(Plain Press, October 2017) At the September 14th ribbon cutting ceremony for the Lofts at Lion Mills, Detroit Shoreway Executive Director Jeff Ramsey said the building at 3256 W. 25th, built originally as Lion Knitting Mills, will now serve the community with 36 units of affordable housing. Speaking of the $10 million adaptive reuse of the building financed with various tax credits, Ramsey noted how the financing helped to make the one and two bedroom apartments in the building affordable. He said, the least expensive unit in the building will rent for only $215 per month.
Mayor Frank Jackson spoke of the collaboration and partnership involved in the project and noted that development in Cleveland does not have to mean “gentrification.”
Ward 14 Councilman Brian Cummins said he was excited that there would be more affordable housing in the neighborhood. He said the community hasn’t seen the addition of affordable housing in many years.
Doctor Akram Boutros, President and Chief Executive Officer of the MetroHealth System, spoke of the tax credits and efforts by Councilman Cummins, Detroit Shoreway Community Development Organization and others that have contributed to converting “an old worn out building into a cool west side apartment building.” Boutros said, “as of this morning nine MetroHealth employees and their families are officially Lion Mills residents.”
Boutros spoke of the future of the W. 25th Corridor, noting some projects in the works. He said La Villa Hispana will bring new businesses, homes and parklike green space. He noted the Regional Transit Authority is planning improved public transportation along W. 25th Street. Boutros said the efforts underway will make “MetroWest one of the most desirable neighborhoods in which to live, work and visit.” Boutros said, in two-weeks, work will begin on a 1,500-car garage at MetroHealth Medical Center. He said, for the next five years, MetroHealth will be building along W. 25th -completing the $1 billion transformation of MetroHealth Medical Center.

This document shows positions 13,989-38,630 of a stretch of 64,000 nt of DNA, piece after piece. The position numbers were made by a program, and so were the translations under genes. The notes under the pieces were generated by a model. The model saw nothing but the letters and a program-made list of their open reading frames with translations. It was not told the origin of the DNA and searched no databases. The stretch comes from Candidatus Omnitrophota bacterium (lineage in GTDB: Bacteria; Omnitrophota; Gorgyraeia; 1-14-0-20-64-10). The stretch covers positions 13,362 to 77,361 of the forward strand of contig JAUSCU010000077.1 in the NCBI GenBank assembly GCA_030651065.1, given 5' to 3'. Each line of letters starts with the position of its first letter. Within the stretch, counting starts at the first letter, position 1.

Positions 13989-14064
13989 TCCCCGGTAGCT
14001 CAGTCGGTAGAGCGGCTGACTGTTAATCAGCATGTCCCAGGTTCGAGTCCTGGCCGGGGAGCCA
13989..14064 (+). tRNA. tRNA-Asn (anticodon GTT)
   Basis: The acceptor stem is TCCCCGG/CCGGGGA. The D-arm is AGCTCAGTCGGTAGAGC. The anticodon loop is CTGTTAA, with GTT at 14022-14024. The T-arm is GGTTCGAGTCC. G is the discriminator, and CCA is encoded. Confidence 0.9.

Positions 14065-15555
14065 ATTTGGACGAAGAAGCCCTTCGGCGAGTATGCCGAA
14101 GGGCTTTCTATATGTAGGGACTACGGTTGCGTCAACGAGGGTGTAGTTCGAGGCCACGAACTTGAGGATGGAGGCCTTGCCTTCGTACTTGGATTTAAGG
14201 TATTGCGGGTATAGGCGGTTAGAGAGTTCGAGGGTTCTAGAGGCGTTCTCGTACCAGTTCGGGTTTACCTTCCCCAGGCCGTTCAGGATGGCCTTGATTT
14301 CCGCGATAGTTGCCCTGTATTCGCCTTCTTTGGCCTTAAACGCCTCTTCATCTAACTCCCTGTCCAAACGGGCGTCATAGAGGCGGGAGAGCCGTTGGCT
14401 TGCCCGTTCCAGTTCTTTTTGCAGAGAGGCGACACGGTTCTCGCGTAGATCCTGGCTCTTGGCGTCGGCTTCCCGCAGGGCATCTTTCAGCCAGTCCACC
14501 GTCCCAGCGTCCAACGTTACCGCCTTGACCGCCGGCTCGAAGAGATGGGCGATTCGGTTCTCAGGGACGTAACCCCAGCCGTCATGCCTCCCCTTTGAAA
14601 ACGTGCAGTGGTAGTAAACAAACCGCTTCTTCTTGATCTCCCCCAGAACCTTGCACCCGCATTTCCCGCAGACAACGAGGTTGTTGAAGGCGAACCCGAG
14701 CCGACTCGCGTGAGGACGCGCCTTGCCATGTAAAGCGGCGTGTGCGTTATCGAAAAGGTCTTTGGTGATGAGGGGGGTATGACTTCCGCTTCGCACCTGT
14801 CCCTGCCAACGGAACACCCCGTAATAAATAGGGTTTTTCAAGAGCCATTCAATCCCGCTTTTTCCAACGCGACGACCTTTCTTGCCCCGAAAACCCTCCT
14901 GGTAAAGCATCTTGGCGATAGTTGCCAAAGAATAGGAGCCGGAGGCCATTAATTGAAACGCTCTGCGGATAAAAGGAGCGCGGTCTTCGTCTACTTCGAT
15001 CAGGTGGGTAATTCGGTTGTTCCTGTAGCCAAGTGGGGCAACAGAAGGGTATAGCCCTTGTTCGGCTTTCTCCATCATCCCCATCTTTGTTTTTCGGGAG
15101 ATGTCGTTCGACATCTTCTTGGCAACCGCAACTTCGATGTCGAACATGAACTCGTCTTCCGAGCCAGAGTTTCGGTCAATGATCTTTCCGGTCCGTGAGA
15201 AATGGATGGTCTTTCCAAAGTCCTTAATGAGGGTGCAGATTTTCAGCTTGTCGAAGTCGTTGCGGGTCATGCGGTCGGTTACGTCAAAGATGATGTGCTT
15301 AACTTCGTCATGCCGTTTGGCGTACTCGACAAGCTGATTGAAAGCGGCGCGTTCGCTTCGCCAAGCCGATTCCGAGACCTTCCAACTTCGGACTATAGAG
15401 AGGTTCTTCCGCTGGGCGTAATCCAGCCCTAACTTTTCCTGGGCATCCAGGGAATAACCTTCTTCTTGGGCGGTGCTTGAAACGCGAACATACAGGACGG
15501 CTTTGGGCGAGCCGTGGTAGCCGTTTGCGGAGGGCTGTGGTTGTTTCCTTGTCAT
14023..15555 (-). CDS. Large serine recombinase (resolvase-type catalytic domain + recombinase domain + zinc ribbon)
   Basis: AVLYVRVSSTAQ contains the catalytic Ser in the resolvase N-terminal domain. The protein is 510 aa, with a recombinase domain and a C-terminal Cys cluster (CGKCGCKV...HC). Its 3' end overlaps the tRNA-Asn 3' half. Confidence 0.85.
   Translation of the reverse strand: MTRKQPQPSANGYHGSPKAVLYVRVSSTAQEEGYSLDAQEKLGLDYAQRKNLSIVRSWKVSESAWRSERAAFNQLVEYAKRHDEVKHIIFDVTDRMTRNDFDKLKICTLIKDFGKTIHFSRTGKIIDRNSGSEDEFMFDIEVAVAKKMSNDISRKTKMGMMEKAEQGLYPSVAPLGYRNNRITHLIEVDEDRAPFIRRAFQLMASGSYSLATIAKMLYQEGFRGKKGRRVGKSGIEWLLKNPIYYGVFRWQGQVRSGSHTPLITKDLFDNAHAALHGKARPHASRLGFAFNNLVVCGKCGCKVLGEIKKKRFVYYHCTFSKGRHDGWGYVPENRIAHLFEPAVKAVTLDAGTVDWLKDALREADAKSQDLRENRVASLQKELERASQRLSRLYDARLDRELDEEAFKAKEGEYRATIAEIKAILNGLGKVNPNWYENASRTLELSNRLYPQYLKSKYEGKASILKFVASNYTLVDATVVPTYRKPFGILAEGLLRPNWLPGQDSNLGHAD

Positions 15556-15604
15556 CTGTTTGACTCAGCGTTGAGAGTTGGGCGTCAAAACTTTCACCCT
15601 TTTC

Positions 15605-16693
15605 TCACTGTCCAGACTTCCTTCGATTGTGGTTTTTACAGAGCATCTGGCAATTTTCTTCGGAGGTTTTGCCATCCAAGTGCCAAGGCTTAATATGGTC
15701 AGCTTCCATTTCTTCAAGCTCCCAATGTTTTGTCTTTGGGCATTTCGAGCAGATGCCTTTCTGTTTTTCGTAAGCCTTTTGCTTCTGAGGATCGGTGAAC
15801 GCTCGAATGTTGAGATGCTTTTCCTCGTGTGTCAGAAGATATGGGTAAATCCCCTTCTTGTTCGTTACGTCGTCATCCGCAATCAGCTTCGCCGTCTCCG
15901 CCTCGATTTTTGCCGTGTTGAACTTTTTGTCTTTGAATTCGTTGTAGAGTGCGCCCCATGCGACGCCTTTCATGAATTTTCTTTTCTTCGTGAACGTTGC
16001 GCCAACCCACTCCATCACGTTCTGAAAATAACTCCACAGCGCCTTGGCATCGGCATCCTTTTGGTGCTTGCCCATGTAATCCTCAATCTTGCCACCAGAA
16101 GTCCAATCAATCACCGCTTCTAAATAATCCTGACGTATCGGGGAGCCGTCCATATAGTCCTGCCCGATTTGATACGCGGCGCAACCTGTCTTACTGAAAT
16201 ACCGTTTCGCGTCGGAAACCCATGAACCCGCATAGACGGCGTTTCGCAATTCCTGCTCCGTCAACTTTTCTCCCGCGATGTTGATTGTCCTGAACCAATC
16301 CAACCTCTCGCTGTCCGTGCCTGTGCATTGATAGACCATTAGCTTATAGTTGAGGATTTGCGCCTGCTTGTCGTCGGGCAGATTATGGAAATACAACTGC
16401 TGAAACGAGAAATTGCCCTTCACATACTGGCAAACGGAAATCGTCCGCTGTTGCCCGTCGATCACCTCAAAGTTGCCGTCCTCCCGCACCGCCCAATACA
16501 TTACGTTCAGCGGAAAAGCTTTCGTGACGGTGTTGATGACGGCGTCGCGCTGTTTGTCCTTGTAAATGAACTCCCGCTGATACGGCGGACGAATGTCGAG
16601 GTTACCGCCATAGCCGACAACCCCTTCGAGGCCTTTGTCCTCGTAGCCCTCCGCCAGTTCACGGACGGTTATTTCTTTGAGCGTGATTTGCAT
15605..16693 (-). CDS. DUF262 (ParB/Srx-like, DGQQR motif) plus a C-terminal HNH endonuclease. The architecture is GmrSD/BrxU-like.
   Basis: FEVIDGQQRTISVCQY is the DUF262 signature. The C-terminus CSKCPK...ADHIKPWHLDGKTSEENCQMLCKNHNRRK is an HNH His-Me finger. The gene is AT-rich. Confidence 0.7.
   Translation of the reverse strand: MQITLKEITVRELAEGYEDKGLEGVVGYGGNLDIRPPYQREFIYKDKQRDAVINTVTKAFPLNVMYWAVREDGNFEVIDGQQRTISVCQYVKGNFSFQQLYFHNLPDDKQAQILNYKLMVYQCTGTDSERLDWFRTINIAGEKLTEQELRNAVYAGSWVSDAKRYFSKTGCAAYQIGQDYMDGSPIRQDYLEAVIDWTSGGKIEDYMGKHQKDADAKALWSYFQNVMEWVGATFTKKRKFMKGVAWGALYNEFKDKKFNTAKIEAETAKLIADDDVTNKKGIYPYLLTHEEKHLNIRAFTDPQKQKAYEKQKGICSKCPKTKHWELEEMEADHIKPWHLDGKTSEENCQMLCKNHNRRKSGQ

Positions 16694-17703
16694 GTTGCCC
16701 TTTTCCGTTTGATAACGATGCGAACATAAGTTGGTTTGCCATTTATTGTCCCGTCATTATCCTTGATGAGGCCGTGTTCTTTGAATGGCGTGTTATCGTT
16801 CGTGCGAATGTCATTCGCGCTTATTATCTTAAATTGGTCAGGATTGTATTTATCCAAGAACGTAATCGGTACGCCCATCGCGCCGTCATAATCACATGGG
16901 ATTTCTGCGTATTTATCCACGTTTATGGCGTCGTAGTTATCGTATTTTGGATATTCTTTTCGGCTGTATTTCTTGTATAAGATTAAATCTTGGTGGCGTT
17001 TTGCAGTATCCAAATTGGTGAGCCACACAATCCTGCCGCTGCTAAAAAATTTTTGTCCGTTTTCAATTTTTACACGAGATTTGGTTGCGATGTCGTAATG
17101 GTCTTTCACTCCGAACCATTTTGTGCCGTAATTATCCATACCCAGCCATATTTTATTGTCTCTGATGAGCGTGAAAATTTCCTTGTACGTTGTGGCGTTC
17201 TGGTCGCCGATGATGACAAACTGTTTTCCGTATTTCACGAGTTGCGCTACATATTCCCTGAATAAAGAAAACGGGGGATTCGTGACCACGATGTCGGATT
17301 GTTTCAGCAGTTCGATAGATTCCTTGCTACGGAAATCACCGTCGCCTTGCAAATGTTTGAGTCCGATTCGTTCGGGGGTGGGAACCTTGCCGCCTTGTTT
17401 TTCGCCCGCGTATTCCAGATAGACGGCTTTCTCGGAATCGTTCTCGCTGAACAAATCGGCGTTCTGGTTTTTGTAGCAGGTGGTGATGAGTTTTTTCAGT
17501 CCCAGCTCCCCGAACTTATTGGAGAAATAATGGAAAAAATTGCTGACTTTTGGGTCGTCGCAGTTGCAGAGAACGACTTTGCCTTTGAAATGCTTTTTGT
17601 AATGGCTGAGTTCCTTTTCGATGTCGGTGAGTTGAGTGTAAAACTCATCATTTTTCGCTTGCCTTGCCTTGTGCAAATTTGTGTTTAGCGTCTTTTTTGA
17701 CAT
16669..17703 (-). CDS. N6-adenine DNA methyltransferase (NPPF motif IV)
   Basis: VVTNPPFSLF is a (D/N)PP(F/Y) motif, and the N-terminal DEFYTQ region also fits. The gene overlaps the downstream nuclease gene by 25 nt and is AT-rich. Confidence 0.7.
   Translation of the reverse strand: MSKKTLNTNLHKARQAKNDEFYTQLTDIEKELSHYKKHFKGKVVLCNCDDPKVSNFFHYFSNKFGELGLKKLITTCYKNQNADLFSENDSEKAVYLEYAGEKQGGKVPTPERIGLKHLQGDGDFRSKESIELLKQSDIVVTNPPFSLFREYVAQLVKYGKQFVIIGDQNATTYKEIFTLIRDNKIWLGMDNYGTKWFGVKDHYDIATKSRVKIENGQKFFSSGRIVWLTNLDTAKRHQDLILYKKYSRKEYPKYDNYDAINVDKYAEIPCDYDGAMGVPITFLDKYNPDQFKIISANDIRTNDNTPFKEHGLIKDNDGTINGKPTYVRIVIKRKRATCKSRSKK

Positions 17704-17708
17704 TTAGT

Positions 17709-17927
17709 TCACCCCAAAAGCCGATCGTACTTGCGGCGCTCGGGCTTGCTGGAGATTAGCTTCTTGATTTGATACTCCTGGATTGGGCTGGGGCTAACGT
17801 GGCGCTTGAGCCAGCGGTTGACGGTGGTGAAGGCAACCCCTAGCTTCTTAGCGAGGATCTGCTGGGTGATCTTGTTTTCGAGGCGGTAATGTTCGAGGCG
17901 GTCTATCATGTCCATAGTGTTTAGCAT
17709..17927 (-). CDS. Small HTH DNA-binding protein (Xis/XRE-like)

Michael Taylor, Senior Vice President of PNC Bank noted the bank’s involvement in construction financing, and the process of helping to secure historic tax credits and low income tax credits for the Lofts and Lion Mills.
Guy Ford, Director of Legislative Affairs for the Ohio Housing Finance Agency, said he was glad the project replaced the water tower on top of the building. He said, while his agency is involved in helping provide affordable housing for low and moderate income people throughout the state of Ohio, the projects “don’t all have the rich history this project does.”
Jenice Contreras, Executive Director of the Hispanic Business Center, spoke of the partnership of all collaborators in making the 36 units of affordable housing possible. Contreras said plans call for the opening next summer of El Mercado at La Villa Hispana, a year-round Latino market. Contreras says housing, retail and place making plans are also in the works. “Development and new construction does not have to mean gentrification and displacement. The whole community backs me on that,” said Contreras.
Anya Kulcsar, Director of Real Estate Development for the Detroit Shoreway Community Development Organization, noted the Lofts at Lion Mills were the organization’s first development project in the MetroWest service area. She thanked members of the design, construction, and real estate teams as well as the project historian for their efforts.